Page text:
Depression is different than feeling sad. Someone with depression has feelings of deep sadness and hopelessness over a long time. Every aspect of life is affected: emotions, physical health, relationships, and work. Depression is serious. It affects people of all ages, genders, professions, races, and cultures.

Here are some signs and symptoms to watch for:

  • Change in eating habits
  • Losing or gaining weight for no reasons
  • Low energy, feeling very tired all the time
  • Problems concentrating, remembering things, or making decisions
  • Feeling hopeless and worthless
  • Losing interest in things you used to enjoy
  • Feeling guilty for no reasons
  • Problems getting to sleep: sleeping too much: not sleeping enough
  • Feeling irritable often
  • Having thoughts about suicide or death

If you have these symptoms everyday for two weeks or more, visit the health centre and talk to a mental health professional. For anonymous support, call the Kamatsiaqtut Help Line at 1-800-265-3333.

If you think someone is at risk of harming themselves or others, take them to the health centre immediately or call the RCMP.

Causes of depression

Depression is an illness. It's not caused by personal weakness. When you have depression, a chemical in your brain called neurotransmitters are out of balance. Certain factors may make it more likely for a person to experience depression: family history of depression, physical health, personality or stressful life events. Just because a family member has depression or you experience stressful life events, does not mean you will get depression.

Other kinds of depression

  • Post-partum depression sometimes occurs after women have a baby due to a number of different factors. To learn more about postpartum depression and baby blues, click here: [Link to Mother’s Mental Health Resource]
  • Less daylight in the winter can lead to a kind of depression called Seasonal Affective Disorder(SAD)

Ways to Manage and Treat Depression

Many people find ways to manage depression, reduce their symptoms, and live a full and healthy life.

  • Visit a health care provider and make a treatment plan.

 There are different ways to treat depression, and you can find a plan that works for you. Treatment options include counselling, therapy, and or antidepressant medicines.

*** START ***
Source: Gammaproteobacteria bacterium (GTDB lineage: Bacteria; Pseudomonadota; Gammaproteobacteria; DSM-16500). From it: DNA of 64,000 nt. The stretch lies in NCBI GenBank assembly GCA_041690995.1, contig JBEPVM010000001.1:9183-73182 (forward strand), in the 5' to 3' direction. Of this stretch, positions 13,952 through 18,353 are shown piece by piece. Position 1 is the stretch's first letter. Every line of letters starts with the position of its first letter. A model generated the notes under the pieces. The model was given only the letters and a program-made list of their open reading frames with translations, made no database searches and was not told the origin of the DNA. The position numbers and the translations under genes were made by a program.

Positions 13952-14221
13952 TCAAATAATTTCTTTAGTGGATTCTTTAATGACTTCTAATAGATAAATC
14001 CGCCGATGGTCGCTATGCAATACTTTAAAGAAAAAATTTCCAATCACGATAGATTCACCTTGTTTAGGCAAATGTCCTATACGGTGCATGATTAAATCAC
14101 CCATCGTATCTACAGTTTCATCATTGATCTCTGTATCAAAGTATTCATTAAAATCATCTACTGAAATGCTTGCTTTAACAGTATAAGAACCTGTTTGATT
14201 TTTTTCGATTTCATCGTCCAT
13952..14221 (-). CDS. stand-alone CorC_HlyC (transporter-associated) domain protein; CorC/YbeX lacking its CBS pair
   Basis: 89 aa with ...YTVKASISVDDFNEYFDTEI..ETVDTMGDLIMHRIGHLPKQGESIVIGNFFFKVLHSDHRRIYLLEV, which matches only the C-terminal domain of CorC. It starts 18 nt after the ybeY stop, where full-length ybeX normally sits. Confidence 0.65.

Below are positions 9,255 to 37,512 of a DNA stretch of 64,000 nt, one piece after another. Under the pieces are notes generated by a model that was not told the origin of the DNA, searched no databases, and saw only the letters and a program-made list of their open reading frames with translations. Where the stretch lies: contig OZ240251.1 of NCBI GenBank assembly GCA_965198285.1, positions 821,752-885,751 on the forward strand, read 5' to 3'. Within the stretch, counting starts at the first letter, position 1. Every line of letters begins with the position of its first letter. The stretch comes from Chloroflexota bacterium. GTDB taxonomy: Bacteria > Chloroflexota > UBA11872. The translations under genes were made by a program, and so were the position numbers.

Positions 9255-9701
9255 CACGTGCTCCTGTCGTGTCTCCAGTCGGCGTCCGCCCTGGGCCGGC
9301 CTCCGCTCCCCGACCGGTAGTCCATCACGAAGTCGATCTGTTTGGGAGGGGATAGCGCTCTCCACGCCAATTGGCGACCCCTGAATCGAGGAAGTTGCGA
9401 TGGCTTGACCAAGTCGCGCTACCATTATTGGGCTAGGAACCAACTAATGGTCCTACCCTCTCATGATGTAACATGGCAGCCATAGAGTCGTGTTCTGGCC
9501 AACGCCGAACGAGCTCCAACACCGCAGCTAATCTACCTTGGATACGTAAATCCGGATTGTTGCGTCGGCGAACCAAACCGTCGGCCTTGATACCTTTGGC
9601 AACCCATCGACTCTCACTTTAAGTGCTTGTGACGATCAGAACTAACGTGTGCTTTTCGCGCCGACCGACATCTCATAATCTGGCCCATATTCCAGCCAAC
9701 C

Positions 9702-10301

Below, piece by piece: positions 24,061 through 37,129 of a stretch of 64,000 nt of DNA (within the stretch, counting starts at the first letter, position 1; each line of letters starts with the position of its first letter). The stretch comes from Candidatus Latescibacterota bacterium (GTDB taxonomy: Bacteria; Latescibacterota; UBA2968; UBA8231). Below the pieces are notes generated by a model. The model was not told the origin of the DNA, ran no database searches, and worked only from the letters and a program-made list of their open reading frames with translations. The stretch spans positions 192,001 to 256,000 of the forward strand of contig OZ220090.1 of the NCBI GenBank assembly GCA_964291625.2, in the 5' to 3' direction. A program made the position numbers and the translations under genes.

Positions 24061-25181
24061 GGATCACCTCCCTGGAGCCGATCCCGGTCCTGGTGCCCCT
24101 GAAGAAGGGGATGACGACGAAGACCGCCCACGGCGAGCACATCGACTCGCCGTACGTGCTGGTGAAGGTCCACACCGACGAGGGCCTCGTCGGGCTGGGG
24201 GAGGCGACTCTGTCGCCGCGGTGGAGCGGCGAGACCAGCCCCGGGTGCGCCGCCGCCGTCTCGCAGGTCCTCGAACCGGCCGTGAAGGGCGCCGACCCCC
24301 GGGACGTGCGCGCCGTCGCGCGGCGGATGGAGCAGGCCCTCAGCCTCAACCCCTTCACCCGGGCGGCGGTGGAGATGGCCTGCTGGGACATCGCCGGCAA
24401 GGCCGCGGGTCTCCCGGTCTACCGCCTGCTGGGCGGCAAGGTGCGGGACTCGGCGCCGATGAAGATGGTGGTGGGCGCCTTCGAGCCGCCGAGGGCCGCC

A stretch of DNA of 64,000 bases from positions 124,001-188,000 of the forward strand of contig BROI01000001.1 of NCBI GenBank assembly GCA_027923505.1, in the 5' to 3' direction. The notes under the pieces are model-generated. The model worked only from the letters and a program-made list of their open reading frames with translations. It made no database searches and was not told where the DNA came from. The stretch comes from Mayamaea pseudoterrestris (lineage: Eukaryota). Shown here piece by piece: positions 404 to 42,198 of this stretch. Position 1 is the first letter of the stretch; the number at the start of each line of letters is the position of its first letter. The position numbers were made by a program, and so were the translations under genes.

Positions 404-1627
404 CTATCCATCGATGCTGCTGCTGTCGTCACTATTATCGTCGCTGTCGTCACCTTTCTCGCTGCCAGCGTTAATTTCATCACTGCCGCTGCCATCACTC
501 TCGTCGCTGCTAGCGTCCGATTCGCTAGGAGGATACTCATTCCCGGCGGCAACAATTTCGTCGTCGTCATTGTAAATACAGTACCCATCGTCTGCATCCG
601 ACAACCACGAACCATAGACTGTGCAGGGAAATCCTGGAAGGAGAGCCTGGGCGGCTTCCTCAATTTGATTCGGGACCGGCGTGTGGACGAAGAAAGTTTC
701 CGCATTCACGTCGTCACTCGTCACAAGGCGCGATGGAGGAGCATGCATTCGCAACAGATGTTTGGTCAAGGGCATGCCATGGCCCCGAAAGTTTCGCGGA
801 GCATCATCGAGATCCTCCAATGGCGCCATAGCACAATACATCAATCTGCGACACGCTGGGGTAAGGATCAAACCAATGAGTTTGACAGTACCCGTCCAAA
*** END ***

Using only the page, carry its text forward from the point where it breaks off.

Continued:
• Track your mood. When you feel symptoms and depressions, see if there is a pattern. Use this knowledge to better understand what causes your symptoms.
  • Learn and practice physical and mental relaxation and breathing techniques.

 Tip: You can YouTube different relaxation and breathing exercises to find one time that works best for you!

  • Lifestyle changes can also help: getting more exercise, eating healthy, and participating in activities you enjoy.
  • Join a support group(in—person or online) for an opportunity to share experiences and coping strategies.
  • Visit the Help and Support page to find out about resource available.

Some people and family might feel embarrassed or ashamed about having depression. These feelings should not stand in the way of getting help. Treatment works, and the sooner a person gets treatment, the sooner they feel better.

A person may use more than one type of treatment. A healthcare provider helps to find the best treatment. If a treatment is not working, it is important to let your healthcare provider know. It may take a few tries for a person to start to feel better. It may take several weeks for medicine to start working. Healthy behaviours like exercise, eating healthy and keeping busy with favourite activities help with successful treatment.

Depression can sometimes return. Medication and other types of therapy can help keep that from happening. Some people take medicine for the rest of their lives and live a full, healthy life.

Helping and Supporting Others

If you think someone is depressed, offer to help. Here are some things you can try:

  • Talk to health care provider.
  • Encourage person to get treatment, or stay in treatment if they already started it.
  • Learn about depression so you can offer support they need.
  • Talk to the person about how they feel. Gently encourage them to get back into the activities they once enjoyed, and seeing close friends and family.
  • Stay calm with the person—don't get upset. The behaviour you see is from the illness.
  • Visit the Help and support page to find out about resource available.

If you think someone is at risk of harming themselves or others, take them to the health centre immediately or call the RCMP.